or email email@example.com.
We are very concerned about flying debris from all over the park hitting Toki, including the stadium roof that could twist in the wind and blow into the tank. Backup generators, if those are functional after the storm, can operate the water pumps and filtration, and the refrigeration system to keep the water cool. Without clean, cool water Toki will suffer even more until those systems are restored.
A widening community is very concerned about her and have been contacting the Seaquarium and media of all sorts to find out what the plans or preparation are to protect Toki and all the dolphins and other marine life at the park. Some have been told that there would be two personnel remaining at the park throughout the storm. The damage may be beyond their ability to clean up but they should hopefully be able to communicate the situation shortly after the storm.
The Mayor of Key Biscayne was interviewed saying she is worried about the structural integrity of the Rickenbacker Causeway bridges that also provide the only road access to the Seaquarium, which could further delay emergency help after the storm.
For more information please call Palace Entertainment at 1-949-261-0404 and Miami Seaquarium at 1 305-361-5705 X512.
In any case this will be a severely stressful time for her. No humans can remain with her during the worst of the storm, so as the winds rise to hurricane force she will be left alone in the tank, as the world around her howls and roars and shakes like an earthquake. She will be in great danger for her survival, and the traumas she will endure even in the best case could be extreme.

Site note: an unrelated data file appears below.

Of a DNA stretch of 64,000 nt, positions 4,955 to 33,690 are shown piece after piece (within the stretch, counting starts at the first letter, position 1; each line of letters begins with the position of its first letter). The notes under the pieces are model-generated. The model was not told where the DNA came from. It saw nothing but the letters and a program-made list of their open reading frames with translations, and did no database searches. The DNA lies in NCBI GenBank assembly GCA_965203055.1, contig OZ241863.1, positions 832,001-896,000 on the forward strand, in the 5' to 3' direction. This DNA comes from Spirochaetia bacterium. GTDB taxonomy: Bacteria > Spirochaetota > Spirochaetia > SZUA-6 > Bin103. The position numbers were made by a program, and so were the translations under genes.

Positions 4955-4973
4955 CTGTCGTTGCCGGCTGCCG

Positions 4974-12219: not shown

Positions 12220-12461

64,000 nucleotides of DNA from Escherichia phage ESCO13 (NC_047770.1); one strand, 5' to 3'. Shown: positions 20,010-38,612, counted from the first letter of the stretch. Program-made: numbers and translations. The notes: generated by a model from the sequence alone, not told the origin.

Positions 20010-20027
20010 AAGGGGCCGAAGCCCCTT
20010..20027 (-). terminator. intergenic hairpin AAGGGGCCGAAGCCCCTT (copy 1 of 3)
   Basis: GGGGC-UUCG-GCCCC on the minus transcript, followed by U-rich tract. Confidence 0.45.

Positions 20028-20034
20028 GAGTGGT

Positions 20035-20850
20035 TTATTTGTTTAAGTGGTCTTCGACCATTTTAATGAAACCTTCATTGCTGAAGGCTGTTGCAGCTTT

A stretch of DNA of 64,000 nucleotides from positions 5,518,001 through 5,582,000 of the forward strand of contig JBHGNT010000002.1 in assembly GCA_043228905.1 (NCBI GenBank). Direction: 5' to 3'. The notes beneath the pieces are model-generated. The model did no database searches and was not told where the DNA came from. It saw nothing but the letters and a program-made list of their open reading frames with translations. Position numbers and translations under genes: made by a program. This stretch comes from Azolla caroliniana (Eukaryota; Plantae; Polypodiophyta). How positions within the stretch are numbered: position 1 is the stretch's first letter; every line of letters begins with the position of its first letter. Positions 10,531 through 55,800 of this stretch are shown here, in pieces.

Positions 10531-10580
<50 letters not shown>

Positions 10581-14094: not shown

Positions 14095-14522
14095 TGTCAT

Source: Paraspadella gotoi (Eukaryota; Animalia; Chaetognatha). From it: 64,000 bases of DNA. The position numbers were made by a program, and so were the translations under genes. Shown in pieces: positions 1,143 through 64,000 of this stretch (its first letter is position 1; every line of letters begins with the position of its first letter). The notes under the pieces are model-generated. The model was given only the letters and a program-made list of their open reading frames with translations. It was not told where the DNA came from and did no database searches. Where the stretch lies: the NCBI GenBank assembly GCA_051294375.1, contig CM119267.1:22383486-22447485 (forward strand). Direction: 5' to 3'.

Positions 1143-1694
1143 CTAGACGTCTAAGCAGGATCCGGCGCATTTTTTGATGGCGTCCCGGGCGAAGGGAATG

This disaster, if she survives, could wake up the leaders of Florida and elsewhere to demand that she be returned to her home.
Toki should have been brought home decades ago, and this looming tragedy is the predictable consequence of leaving her there. It's more important than ever to build support and awareness of the safety and viability of the Orca Network Retirement plan for Tokitae
, which is the only possible proposal that could rescue her from death by captivity. Prominent scientists and activists are needed to publicly support and endorse this plan, to build confidence in the plan by other decision-makers who rely on those more familiar with the natural history of orcas and the history of reintroduction efforts.
My recommendation, if Tokitae survives this weekend, is for everyone to begin asking prominent people in the scientific and advocacy communities to speak up in support of her retirement to the San Juan Islands, where she was born and raised. Before the owners of the Seaquarium and leaders in Florida will confidently support moving her home they will have be sure the transport plan, seapen location and rehabilitation protocols are safe and sound and offer Toki a chance to rebuild her health and stamina, and have the chance to rejoin her family. Please help build that awareness.